River Center Staff
Administrative Services & Development Manager
Educational Coordinator & Volunteer Coordinator
Board of Directors 2017 (July)
Greg Voyles, President
Carl Siver, Vice President
Ann Sargent, Secretary, JST
Wanda Schneider, Treasurer
Who We Are
The Dungeness River Audubon Center at Railroad Bridge Park is located along the Dungeness River, the ancestral watershed of the Jamestown S’Klallam Tribe. The Center is the only U.S. Audubon Center with a tribal partner and the only rural center in Washington State.
The Dungeness River Audubon Center maintains active partnerships with the Jamestown S’Klallam Tribe, the Olympic Peninsula Audubon Society and the National Audubon Society.
The Dungeness River Audubon Center is governed by a River Center Board with equal representation from the four partner organizations and at-large members providing particular expertise. A full-time salaried Director, Education and Volunteer Coordinator, and Administrative Services and Development Manager are assisted by a Park Host, and by a strong cadre of Docents and volunteers from the boards and membership of the partners. We have 4 committees if you would like to get more involved; Development, Investment, Park Stewardship, and Membership.
1. Jamestown S’Klallam Tribe
The Jamestown S’Klallam Tribe has enjoyed an association with the Dungeness River beginning long before other settlement. In recent years the Tribe, through its Natural Resources staff, has been active in efforts to protect and enhance the river habitat for the sake of the salmon and the people of the Peninsula, including facilitating the efforts of a Dungeness River habitat restoration working group of fisheries and wildlife biologists and river experts.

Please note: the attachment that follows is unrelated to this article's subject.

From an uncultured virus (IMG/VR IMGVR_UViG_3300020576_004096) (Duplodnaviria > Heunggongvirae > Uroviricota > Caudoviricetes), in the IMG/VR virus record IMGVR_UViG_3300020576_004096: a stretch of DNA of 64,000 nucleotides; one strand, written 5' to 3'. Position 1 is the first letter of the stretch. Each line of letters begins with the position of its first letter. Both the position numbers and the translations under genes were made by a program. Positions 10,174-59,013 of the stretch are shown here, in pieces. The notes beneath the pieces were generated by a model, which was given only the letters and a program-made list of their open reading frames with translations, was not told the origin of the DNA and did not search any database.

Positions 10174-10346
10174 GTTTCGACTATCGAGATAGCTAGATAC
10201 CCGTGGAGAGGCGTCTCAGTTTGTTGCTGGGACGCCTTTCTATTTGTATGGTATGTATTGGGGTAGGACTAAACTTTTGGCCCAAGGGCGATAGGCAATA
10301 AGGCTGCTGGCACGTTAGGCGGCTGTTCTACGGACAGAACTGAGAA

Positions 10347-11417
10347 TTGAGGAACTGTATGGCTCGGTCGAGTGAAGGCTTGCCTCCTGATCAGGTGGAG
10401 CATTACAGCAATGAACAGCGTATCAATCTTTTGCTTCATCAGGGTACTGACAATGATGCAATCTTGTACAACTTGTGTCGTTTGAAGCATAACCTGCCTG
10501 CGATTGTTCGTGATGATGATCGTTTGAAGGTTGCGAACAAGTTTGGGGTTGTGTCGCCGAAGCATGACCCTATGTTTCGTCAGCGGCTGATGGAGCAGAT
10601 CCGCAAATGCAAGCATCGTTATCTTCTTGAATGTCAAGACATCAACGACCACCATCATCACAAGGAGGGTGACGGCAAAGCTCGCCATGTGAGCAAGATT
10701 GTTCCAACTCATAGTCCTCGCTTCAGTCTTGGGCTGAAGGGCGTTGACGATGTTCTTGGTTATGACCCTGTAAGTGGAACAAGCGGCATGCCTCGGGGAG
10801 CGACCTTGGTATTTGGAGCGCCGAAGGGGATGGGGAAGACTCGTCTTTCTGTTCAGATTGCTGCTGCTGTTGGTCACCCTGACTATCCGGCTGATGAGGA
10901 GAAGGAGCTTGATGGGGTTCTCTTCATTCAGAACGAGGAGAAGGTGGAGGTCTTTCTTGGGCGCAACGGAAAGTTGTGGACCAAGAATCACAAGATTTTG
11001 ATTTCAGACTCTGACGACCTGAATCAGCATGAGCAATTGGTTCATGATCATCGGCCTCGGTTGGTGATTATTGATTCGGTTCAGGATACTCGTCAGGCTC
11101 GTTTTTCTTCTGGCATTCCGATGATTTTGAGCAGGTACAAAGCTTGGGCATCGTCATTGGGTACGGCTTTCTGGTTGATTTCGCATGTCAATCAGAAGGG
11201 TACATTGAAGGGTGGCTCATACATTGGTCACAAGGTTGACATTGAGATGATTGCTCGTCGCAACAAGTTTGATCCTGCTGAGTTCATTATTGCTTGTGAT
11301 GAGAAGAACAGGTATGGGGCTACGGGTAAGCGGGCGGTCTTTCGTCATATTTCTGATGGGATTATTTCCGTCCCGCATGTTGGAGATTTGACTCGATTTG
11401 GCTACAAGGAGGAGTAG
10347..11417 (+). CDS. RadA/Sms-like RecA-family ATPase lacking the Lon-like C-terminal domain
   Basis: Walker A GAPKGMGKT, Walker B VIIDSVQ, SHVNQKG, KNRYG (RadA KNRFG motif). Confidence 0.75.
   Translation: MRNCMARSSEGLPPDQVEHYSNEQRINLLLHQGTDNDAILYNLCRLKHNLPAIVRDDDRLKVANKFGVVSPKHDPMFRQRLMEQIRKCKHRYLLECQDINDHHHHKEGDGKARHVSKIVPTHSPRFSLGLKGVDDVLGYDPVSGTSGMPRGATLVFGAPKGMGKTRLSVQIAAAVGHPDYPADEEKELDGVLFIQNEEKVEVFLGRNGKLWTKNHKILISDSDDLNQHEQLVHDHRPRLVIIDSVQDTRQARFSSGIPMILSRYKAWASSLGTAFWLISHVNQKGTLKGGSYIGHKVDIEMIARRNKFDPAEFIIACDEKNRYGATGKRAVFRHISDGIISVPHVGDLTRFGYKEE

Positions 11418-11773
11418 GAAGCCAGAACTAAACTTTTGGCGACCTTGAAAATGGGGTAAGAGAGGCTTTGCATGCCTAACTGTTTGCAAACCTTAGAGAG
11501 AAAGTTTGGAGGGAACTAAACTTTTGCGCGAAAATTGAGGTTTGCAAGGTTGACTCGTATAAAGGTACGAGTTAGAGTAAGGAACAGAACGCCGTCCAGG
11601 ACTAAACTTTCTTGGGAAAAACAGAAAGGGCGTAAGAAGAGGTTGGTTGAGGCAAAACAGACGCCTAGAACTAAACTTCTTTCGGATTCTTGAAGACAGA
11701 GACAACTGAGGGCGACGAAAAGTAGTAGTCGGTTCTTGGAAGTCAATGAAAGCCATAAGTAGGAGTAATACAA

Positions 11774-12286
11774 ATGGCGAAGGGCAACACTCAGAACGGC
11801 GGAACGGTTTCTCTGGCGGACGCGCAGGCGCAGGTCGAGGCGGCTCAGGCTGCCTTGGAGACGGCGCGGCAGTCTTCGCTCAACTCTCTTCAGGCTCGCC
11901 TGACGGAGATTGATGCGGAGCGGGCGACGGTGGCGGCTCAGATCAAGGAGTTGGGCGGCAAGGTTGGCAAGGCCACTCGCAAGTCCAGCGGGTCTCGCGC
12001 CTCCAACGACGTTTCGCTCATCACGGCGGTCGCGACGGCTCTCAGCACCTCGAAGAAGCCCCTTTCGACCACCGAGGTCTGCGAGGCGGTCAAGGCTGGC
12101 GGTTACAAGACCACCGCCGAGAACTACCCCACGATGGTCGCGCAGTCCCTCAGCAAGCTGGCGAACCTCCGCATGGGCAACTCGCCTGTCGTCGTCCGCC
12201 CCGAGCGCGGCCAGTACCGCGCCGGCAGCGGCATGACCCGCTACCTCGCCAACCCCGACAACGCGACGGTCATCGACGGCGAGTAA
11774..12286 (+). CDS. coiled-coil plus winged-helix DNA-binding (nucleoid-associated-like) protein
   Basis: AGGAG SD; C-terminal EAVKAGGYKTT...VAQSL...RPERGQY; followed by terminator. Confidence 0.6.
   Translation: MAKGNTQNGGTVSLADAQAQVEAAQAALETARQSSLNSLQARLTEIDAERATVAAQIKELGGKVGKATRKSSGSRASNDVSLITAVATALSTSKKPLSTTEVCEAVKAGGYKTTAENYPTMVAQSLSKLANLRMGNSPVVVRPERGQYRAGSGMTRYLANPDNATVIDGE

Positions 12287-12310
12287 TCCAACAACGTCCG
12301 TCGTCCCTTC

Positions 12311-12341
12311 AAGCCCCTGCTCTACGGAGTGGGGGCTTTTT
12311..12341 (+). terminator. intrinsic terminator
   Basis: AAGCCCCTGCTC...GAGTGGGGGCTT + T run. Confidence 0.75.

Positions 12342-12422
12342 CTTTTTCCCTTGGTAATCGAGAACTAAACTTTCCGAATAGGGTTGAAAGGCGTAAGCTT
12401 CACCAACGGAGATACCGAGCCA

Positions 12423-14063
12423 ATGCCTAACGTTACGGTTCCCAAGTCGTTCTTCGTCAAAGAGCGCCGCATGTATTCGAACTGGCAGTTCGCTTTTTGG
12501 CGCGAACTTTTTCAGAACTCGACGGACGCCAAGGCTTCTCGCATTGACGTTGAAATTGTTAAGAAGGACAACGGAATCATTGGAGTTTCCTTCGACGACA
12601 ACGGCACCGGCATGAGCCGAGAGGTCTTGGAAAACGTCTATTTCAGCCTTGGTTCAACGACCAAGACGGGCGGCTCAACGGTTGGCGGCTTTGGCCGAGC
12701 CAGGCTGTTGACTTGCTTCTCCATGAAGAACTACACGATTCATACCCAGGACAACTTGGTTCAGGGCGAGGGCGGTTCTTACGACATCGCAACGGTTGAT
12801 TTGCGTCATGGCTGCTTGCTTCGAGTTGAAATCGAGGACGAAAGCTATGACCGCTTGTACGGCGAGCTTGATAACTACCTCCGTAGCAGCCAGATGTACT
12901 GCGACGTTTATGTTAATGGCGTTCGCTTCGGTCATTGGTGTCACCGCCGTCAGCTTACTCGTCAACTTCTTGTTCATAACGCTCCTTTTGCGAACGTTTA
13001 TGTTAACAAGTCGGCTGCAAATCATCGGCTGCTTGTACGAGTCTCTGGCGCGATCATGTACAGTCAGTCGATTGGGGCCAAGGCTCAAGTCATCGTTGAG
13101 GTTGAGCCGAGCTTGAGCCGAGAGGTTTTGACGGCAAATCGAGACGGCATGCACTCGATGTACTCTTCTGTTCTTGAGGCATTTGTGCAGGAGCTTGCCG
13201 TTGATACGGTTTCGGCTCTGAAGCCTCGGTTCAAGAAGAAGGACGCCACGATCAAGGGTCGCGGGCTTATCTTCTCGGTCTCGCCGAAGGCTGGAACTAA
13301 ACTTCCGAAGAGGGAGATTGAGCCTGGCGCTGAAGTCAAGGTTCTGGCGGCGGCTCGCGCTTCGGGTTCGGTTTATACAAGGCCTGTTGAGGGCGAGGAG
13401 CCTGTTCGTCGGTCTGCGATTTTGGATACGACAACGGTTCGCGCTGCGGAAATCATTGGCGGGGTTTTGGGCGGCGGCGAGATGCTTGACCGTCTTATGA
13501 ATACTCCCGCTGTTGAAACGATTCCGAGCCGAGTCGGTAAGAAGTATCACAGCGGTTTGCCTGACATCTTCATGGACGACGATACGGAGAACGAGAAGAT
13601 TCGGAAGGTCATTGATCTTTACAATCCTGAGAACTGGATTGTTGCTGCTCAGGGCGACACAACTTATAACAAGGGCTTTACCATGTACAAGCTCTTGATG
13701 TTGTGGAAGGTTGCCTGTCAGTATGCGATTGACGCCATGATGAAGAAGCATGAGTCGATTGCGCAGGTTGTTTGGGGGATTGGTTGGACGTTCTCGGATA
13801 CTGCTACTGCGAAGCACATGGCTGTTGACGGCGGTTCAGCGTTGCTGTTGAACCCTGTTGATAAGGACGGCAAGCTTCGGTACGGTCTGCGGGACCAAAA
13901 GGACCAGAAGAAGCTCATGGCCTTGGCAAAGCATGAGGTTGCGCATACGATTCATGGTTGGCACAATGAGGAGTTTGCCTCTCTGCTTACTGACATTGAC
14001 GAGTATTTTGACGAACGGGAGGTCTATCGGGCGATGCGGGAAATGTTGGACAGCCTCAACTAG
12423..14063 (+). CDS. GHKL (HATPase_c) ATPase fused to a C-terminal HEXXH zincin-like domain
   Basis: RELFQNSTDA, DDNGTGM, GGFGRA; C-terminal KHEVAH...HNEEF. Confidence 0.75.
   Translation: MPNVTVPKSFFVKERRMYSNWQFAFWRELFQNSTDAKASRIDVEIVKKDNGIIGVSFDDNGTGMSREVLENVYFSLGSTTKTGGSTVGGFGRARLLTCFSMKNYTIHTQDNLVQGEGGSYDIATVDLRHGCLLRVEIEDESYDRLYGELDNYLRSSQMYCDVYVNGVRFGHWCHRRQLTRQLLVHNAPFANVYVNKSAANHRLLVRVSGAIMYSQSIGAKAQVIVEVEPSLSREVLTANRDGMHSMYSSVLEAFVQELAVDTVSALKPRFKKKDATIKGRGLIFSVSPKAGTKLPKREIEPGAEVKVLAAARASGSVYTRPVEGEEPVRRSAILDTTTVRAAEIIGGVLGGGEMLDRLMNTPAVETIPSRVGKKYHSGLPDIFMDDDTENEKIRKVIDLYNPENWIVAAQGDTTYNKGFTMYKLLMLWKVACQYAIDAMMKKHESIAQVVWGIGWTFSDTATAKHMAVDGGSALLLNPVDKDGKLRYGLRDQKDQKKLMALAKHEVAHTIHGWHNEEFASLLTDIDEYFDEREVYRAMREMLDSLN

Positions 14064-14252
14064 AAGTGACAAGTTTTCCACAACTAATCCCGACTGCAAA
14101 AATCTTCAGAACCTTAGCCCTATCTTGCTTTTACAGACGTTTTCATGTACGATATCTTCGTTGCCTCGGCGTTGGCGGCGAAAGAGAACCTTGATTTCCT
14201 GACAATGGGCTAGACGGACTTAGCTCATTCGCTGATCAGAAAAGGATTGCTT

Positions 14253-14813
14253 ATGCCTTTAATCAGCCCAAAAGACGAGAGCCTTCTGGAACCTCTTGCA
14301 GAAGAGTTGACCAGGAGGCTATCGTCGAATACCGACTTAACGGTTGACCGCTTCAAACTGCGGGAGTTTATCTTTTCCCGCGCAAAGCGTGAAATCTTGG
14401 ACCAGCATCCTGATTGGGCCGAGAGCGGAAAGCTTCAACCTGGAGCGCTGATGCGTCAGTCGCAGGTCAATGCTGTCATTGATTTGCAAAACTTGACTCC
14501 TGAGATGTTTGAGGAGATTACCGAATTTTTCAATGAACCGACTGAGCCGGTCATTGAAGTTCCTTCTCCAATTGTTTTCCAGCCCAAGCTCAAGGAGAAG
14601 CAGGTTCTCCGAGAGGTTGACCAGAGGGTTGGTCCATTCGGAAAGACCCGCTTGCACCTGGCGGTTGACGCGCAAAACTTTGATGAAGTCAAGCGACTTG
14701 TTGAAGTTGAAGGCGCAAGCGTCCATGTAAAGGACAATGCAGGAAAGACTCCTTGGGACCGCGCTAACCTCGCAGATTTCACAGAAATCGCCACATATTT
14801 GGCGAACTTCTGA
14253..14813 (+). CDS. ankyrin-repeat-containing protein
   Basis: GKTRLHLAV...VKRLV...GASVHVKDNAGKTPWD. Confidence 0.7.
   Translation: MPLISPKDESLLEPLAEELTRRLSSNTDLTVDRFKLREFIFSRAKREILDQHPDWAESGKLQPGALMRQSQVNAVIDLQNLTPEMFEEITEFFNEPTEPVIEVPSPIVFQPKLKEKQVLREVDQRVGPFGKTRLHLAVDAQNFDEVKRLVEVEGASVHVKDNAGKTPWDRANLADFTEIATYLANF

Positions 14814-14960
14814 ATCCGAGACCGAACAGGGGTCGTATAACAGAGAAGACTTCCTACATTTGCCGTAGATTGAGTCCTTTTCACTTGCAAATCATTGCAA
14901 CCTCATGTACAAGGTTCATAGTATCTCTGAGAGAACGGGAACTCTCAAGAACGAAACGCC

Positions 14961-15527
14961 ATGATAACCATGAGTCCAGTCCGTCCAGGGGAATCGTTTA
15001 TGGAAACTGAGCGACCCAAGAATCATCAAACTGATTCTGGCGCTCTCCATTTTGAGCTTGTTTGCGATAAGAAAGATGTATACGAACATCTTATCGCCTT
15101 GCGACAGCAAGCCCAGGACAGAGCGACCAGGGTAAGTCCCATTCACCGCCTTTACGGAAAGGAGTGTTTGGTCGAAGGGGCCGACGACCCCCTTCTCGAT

Further information about the Tribe can be found at the Jamestown S’Klallam Tribe web site: http://www.jamestowntribe.org
OPAS, the Clallam-County-based chapter of the National Audubon Society, has been an organizational supporter of the Rainshadow Natural Science Foundation since the foundation’s beginnings, and, as might be expected, there is substantial cross-membership. OPAS members have also been active in various public-participation projects to enhance stewardship, planning and habitat restoration projects in the Dungeness watershed.The OPAS Board committed to recognize the River Center as a primary project of the chapter, and to help further the River Center objectives. A special committee of the Board is focussed on details.
Further information about Olympic Peninsula Audubon Society can be found at: http://www.olympicpeninsulaaudubon.org
3. National Audubon/Audubon Washington
The National Audubon Society is developing a network of Audubon affiliated Nature Centers across the country, involving partnerships with local chapters such as OPAS, civic associations, schools and other groups to enhance environmental education in local communities.
Information on the scope of National Audubon’s activities across the country can be found on the NAS web site: http://www.audubon.org
- Year-round nature programs
- Green conference & retreat center rentals
- School field trips and nature immersion learning experiences
- Field trips and customized retreats for groups of any age and size
- Youth and family camps
- Day tours and programs
- Adult learning experiences
- Wildlife programs on-site and off-site